Event: A Painted Landscape: Myth and Ritual in Lower Pecos Rock Art


Date & Time

February 12, 2019 - 6:00pm to 8:30pm

Contact Information

Michelle Jacobson
mjacobson@ioa.ucla.edu

Location

California NanoSystems Institute Auditorium

Event Type

Cotsen Public Lecture

Event Details

The Lower Pecos Canyonlands of southwest Texas and Coahuila, Mexico house some of the most spectacularly complex rock art of the ancient world. Approximately 4000 years ago, hunter-gatherers began transforming this region into a painted landscape. Perhaps the greatest of these masterpieces is the White Shaman mural, an intricate Pecos River style painting that spans twenty-six feet in length and thirteen feet in height. Drawing on twenty-five years of archaeological research, as well as insight from ethnohistory and art history, Carolyn Boyd identifies patterns in the art that relate, in stunning detail, to the mythologies of Uto-Aztecan speaking peoples, including the Aztec and the contemporary Huichol. Analysis of these patterns led to the identification of the White Shaman mural as an ancient visual narrative relating a story of the birth of the sun and the beginning of time.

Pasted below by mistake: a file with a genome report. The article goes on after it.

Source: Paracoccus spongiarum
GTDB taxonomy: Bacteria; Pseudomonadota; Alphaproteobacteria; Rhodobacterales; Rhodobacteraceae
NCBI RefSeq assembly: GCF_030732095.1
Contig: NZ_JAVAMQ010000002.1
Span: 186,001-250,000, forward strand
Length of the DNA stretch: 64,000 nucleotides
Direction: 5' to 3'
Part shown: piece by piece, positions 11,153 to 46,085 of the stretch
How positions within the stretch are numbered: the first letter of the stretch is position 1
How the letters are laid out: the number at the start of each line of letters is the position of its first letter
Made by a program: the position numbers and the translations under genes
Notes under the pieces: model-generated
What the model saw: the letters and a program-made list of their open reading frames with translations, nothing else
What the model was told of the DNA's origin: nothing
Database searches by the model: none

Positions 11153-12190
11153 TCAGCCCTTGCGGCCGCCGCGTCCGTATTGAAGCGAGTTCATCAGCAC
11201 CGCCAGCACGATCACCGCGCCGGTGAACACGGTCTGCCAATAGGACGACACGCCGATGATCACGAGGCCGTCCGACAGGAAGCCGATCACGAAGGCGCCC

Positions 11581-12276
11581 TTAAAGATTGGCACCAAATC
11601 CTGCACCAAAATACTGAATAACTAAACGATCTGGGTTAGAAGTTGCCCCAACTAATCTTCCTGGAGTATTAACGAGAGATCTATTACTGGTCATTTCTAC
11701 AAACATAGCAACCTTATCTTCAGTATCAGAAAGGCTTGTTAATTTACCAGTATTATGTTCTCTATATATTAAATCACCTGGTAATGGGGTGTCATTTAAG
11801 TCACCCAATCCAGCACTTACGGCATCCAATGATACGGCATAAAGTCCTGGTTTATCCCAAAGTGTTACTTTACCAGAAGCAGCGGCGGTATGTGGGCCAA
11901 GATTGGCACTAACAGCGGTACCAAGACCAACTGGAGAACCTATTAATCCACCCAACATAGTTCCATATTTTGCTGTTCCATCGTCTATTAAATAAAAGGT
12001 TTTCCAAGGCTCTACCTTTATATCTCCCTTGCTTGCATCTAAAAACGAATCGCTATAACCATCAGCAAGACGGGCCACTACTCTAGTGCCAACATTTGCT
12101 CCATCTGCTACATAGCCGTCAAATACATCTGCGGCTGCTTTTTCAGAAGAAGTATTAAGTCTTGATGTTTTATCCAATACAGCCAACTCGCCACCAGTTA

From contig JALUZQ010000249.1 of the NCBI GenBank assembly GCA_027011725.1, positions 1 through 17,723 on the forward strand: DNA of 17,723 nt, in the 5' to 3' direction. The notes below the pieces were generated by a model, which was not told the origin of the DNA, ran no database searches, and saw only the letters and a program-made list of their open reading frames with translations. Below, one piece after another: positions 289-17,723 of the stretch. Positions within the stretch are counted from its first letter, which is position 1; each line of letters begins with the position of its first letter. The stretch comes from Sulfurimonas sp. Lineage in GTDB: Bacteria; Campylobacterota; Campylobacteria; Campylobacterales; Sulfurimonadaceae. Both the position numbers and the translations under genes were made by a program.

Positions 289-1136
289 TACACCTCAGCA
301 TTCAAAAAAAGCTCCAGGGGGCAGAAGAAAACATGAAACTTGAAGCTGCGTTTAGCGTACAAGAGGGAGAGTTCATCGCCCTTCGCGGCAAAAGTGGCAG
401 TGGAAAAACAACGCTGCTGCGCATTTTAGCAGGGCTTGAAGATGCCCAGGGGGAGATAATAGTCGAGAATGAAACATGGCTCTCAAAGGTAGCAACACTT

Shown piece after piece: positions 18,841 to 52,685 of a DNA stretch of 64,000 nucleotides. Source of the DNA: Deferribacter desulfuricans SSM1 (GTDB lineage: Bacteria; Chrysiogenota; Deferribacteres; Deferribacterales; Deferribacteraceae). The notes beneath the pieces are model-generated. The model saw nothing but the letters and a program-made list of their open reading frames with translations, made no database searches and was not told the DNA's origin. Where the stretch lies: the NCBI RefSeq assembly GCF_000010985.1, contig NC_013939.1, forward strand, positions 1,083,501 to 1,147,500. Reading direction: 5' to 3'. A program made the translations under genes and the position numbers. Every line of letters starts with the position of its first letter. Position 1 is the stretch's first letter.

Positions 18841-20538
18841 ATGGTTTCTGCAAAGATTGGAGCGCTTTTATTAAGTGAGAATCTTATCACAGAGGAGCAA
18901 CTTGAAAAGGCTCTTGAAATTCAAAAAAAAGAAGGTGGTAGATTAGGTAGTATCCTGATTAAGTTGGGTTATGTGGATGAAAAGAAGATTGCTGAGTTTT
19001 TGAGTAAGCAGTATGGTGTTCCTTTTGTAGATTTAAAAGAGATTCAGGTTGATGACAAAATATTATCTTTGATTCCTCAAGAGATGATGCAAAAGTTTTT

California NanoSystems Institute at UCLA
570 Westwood Plaza Building 114
Los Angeles, CA 90095

Reception on Tuesday, February 12, 2019 at 6:00pm with the program at 7:00pm
Dessert and coffee following from 8:00-8:30pm

 

RSVP here by January 28th. 

Carolyn E. Boyd, Ph.D.

Founder of Shumla Archaeological Research & Education Center

Research Professor at Texas State